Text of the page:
On Feb. 25 and 26, seven UD students traveled to Austin with Director of Undergraduate Admissions and Enrollment Michael Probus, BA '12 MBA '15, to advocate for continuing and/or increasing Tuition Equalization Grant (TEG) money.+ Read More
Johnson began his career in human resources with a summer job recruiting doctors and
dentists to staff a military base. He tried teaching after graduation, but eventually
returned to the recruiting field and, through a series of jobs with increasing responsibilities,
landed at Sabre as VP of Human Resources for two of the company’s three divisions.
During his tenure there, global employee turnover has been reduced by nearly 50 percent.
Johnson’s experience with Sabre reflects not only his success as an HR professional, but also his business acumen. The company, whose reservation systems run some of the world’s largest airlines, has over 10,000 employees. “Sabre’s IPO ranks in the top 10% of all IPOs in the last two years,” he said. “And I firmly believe that our HR practices played a role in that success.” Johnson believes that the purpose of a human resources department is to make money for the company, just like any other business unit. In other words, HR for HR’s sake isn’t an option for an organization that has to answer to a board of directors and shareholders. And one of the most important functions of a bottom-line-focused HR department is talent acquisition. “Sabre is relentless about recruiting the best talent in the global market,” Johnson said.
Another important role for an HR department is change management. “When Sabre shifted its focus from being an airline company operating in the software space to a software company operating in the airline space, we had to work hard to make sure everyone in the company understood this new way of thinking,” he said. Johnson accomplished this through building and buying. “Building is training the people you have and buying is recruiting new people to the organization,” he said.
Part of change management in an organization often involves what Johnson called “executive
team alignment”—making sure that the company’s leadership is working well together.
“The culture of an organization is the result of leadership behavior,” he said. “And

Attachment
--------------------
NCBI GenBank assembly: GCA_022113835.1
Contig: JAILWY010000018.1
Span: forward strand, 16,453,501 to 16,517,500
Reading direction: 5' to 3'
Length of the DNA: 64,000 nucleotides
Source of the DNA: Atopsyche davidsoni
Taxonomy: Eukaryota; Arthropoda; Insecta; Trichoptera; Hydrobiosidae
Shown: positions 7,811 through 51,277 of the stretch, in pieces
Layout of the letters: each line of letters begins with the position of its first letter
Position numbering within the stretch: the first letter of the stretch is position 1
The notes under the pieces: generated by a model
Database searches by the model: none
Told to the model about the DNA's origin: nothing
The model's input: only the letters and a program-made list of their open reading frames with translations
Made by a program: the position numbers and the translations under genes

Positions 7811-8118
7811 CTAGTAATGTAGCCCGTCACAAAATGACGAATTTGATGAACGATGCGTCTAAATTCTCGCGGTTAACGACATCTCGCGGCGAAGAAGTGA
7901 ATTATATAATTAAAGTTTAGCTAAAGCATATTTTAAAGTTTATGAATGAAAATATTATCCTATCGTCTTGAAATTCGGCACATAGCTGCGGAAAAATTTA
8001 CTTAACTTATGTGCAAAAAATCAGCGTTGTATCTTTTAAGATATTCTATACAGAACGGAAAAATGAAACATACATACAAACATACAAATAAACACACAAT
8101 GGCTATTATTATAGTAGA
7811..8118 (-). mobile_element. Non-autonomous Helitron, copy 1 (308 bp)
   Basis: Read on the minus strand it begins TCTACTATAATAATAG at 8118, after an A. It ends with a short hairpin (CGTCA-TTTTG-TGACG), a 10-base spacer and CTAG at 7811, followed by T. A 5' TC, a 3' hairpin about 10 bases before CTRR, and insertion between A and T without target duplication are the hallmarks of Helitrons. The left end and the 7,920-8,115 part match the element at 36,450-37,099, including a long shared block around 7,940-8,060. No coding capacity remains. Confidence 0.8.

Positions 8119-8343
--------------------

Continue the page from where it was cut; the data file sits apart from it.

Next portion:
when people quit, they are quitting their bosses, not the company. So leadership matters.”
Johnson advised students to leverage their liberal arts degrees by demonstrating to potential employers that they have the ability to communicate well. “Look, I never pictured myself in HR,” he said. “I have a degree in political philosophy. But most companies are willing to teach those who can and are willing to learn.”
And how exactly does a candidate catch Johnson’s eye? “I’m looking for people who are promotable and who are humble,” he said. “And people who have learned how to learn.” That’s where a liberal arts education from the University of Dallas comes in. “Having a strong liberal arts background plus business acumen will set you apart from everyone else,” he said.
The University of Dallas Executives on Campus program was founded to further the University's mission of providing practice-based education, by inviting successful business leaders to share their experience with graduate and undergraduate students in the classroom. Through this program, alumni, business leaders, and their companies are invited to partner with the University in our shared pursuit of management excellence.
Mike Kiegerl's youngest daughter, Christine, would have graduated from UD in the Class of 1994, but just before her graduation, she was struck by an impaired truck driver and died instantly. Kiegerl and his wife, Peggy, established the Christine S. Kiegerl Memorial Scholarship in their girl's memory in 1997.+ Read More
UD students not only read St. Augustine's "Confessions" in Rome, traveling to Ostia to marvel at the place in which, according to Book IX, St. Augustine and his mother, St. Monica, had a joint mystical vision of God — they also travel 4.4 miles from the Irving campus to read the text with residents of South Irving.+ Read More